Achieving 57 podiums across four different manufacturers and finishing third in the world on three occasions with separate teams, Randy Mamola is widely regarded as the greatest Grand Prix racer never to win a premier class title.
In a world championship career spanning 13 years, Mamola locked bars with copious racing legends including; Barry Sheene, Kenny Roberts, Kevin Schwantz and Wayne Rainey (the list goes on...) before moving into testing role and later a career in television.
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Although finishing his last competitive GP race 26-years-ago, Mamola remains heavily imbedded within the MotoGP circus; moving on from 10 years of Eurosport coverage to present Spanish television, as well as comparing talks with VIPs during race weekends and riding the explosive two-seater Ducati MotoX2 MotoGP bike.
MCN caught up with the 59-year-old between duties at the British Grand Prix earlier this year to discuss life after racing and how today's championship differs from the savage 500cc two-strokes he last raced almost 30 years ago.
"What’s unique about myself is that although my last race was 26-years-ago, I’m still alive and kicking and probably still just as busy as ever. The good thing about my life and the way that the racing works is I can take four or five months off in the off-season and pick and choose what I want to do with my time.
"One of my primary jobs in the paddock is riding the two-seat bikes with Ducati," Mamola explained. "I do that at 12 Grand Prix a year and at a couple events outside of racing. We do between 500 and 600 passengers a year and I've been doing that for 18 years - first with Yamaha and then Ducati for the last 16 years.
"I will also do talks in the VIP suites and this year I began presenting Spanish television. I’ll do that for probably five hours a weekend at 15 of the races."
Spanish television duties
Despite a 10-year tenure with Eurosport, Mamola’s move to Spanish TV posed one immediate problem - he would no longer be speaking on camera in English.
"Although I live in Spain, most people speak English and - like you British - we Americans become lazy and just want to speak our own language," the former factory rider confessed.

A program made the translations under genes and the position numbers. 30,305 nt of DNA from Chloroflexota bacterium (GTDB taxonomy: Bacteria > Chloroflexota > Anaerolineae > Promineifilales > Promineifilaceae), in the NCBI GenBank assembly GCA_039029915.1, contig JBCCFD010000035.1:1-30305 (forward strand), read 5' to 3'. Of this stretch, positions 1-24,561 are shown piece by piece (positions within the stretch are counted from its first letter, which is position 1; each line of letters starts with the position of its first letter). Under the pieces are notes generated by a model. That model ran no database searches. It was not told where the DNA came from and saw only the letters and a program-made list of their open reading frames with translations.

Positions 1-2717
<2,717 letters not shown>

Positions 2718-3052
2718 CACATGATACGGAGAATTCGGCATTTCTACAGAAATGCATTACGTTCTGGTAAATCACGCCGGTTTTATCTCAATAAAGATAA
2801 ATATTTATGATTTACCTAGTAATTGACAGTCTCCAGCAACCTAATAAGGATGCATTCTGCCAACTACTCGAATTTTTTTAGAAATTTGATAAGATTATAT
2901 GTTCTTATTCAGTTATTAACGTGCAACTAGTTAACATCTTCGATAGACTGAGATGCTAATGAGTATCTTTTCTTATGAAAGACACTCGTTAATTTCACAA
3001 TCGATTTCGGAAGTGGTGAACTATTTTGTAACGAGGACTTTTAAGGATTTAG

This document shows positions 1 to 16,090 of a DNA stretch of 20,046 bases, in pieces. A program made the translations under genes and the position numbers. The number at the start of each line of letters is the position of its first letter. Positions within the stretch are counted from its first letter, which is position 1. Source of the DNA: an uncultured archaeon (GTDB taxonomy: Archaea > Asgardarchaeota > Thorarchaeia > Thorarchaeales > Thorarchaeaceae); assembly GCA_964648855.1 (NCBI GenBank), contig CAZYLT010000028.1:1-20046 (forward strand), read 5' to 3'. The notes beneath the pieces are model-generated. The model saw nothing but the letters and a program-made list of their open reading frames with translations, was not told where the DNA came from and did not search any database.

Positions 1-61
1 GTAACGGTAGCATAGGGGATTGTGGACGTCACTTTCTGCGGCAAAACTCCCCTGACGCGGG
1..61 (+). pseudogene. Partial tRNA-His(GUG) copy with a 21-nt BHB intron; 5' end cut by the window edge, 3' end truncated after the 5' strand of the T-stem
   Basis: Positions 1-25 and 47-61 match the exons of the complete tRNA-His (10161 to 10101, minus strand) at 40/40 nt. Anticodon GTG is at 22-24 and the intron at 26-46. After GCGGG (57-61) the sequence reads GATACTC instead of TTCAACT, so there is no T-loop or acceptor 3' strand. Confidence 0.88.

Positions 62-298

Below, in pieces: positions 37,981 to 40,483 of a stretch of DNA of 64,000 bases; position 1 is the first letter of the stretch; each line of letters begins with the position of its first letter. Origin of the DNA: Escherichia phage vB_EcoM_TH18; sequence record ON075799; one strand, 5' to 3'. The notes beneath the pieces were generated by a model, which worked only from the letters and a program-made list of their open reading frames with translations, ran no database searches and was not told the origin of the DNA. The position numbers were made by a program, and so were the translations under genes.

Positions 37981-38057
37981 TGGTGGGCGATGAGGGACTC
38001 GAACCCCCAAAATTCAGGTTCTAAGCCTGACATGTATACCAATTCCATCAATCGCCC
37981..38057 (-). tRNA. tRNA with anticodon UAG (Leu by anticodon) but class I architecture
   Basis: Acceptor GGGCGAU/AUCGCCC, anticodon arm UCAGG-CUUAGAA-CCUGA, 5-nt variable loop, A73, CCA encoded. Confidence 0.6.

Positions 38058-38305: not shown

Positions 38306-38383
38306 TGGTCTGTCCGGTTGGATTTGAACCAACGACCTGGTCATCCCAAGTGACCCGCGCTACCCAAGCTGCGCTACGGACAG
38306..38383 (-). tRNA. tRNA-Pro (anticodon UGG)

"English is probably one of the most used languages in the paddock and so at 58-years-old, I had to go back to school and learn Spanish. I did two hours a day for a month in straight lessons and even though I can now talk to someone perfectly well, I can block on television when I’m trying to give audiences an insight into racing.
"It’s quite fun though and the people watching enjoy my character because I am not a typical Spaniard – because I'm not Spanish!"
The Ducati MotoX2
Away from his work on screen, Mamola is also in the gifted position of still being able to throw his leg over a fully-fledged MotoGP machine when hosting passenger rides on the Ducati MotoX2. Despite being modified to accommodate a brave passenger, the American rider insists they are just as much the race thoroughbred as a single-seater.
"I am still so involved in riding that I can’t miss it! Getting to ride a 260bhp two-seater bike and giving people rides on it almost every weekend makes you feel like you really aren’t missing anything!
"I don’t get to ride the bike between the final round at Valencia and then Jerez the following year - which is a good five months - and every year when I go there I wonder if I can remember how to ride the thing.
"I promise you though, by turn six I'm already laughing because it’s so much fun to ride. It’s a bespoke Grand Prix bike built for two and the only real difference is that we are using the engine from 2012 and that’s because they have an abundance of those motors left over. We will hit 184mph two-up at Silverstone."
Getting your classic kicks
Alongside riding this passenger-friendly missile, Mamola (like many riders of his era) will also be invited to classic events, allowing him to his own former machines and rekindle his love affair with the brutal powerband of a 500 GP bike.
"A 500 has a very narrow band of power and when it hits it makes you smile just as much, if not more than when you ride a modern day bike," he reflected. "Those bikes had so much torque and acceleration, which made them both hard to ride and unique in performance. When you don’t get to ride one for years and then jump back on you just think ‘how did I ride this thing?'"
Spending such a large portion of his life in the Grand Prix paddock has also given Mamola a unique insight into the series - viewing the changes in both regulation and popularity of the sport over almost four decades first hand.
Despite crowds falling, he also believes today’s racing is some of the best ever witnessed, saying: "For some reason, we've lost about 50% of the crowd. I don’t mean that negatively - it's just the way things are - but I remember times at Assen, in Holland, when there were 180,000 people watching. The race track back then was nearly 8km long and it was full the whole way around.
"Going back to the racing, we had runaway winners when I was racing and we've also got them now. That said, these last two years have been fantastic because we have watched the sport revolutionise to a single ECU box and we've had some unbelievable finishes and close battles.
"The Dutch TT this year was probably one of the most fantastic races that I’ve seen in many a year and you can’t compare it to anything else, because it’s a new era."